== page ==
Baharan Mirzasoleiman

PhD. Candidate

Submodularity in Machine Learning and its application for Summarizing Big Data

  Computer Engineering Department, Floor 1, Class 102
  Wednesday, 30 December 2015
  15:10 - 16:10


Submodularity is a property of set functions with deep theoretical and practical consequences. Submodular functions exhibit a natural diminishing returns property: the marginal benefit of any given element decreases as we select more and more elements. Submodular maximization generalizes many well-known problems, including maximum weighted matching, maximum coverage, and finds numerous applications in machine learning and social networks: viral marketing, information gathering, document summarization, and active learning. Although maximizing a submodular function is NP-hard in general, a simple greedy algorithm produces solutions competitive with the optimal (intractable) solution. While the greedy algorithm can easily be applied if the data fits in main memory, it is impractical for data residing on disk, or arriving/changing over time at a fast pace. In this talk, I will first give an introduction to submodularity and its applications in machine learning.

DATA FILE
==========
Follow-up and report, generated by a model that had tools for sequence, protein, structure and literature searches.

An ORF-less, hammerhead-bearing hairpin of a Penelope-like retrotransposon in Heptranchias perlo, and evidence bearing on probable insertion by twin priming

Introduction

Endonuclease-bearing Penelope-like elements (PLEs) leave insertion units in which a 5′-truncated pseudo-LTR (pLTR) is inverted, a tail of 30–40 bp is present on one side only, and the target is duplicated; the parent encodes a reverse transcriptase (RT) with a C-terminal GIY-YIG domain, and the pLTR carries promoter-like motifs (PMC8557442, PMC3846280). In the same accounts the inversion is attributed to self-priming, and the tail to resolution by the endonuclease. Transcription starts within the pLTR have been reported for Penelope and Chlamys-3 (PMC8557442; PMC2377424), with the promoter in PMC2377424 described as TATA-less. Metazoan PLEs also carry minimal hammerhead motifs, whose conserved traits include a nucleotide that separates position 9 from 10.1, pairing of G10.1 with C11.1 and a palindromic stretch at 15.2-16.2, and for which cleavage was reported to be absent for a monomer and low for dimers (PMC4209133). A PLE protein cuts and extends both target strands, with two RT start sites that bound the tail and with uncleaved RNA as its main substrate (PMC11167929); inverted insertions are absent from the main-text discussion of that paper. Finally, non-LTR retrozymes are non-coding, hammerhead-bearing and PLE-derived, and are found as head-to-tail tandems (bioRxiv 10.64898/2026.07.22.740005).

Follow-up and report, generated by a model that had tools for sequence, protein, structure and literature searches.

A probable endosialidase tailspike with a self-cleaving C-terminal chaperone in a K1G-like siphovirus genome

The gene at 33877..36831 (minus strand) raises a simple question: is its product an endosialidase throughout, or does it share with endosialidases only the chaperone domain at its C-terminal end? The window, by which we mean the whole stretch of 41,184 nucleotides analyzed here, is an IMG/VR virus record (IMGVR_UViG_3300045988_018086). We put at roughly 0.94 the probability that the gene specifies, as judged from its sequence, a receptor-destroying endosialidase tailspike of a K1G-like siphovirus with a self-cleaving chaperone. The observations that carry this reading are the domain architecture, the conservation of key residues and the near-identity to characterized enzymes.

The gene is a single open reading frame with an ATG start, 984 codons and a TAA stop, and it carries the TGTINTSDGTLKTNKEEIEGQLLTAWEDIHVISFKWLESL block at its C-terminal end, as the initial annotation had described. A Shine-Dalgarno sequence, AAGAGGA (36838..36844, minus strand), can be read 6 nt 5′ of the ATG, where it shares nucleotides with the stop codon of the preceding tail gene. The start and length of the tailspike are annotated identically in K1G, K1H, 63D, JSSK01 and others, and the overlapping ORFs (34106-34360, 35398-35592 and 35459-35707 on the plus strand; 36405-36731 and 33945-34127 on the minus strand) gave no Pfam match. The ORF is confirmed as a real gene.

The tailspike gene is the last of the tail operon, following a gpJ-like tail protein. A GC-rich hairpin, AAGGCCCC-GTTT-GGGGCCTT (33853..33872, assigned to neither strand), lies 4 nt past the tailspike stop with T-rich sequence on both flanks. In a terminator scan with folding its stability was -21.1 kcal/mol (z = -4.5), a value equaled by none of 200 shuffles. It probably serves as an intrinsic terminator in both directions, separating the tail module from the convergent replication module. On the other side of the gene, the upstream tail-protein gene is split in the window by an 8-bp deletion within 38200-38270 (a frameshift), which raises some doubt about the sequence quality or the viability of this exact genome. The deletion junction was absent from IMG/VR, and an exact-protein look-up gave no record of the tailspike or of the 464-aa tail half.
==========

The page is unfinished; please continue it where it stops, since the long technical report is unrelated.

I’ll then discuss in more details one of the important applications of submodular maximization in machine learning and information retrieval, i.e. summarizing massive data. A systematic way for data summarization is to turn the problem into selecting a subset of data elements optimizing a utility function that quantifies “representativeness” of the selected set. Often-times, these objective functions satisfy submodularity. Hence, such problems can be reduced to maximizing a submodular set function subject to cardinality or other feasibility constraints; and dealing with big data means we have to solve this problem at scale. I discuss some of the recently developed distributed and streaming techniques for submodular optimization. I briefly overview the theoretical results, and the effectiveness of these techniques on several real-world applications on millions of data points.


She is a third year Ph.D. student in the Learning and Adaptive Systems Group at ETH Zurich. I’m interested in designing and building large-scale machine learning and data mining algorithms. In particular, I’m working on large-scale summarization by selecting a representative subset out of a massive data set using techniques from Submodular Optimization. I was recently awarded the Google Anita Borg Memorial Scholarship. Before that, I completed my B.Sc. in computer engineering at University of Tehran and my M.Sc. in computer engineering from Sharif University of Technology where I was working on influence and information propagation through social networks.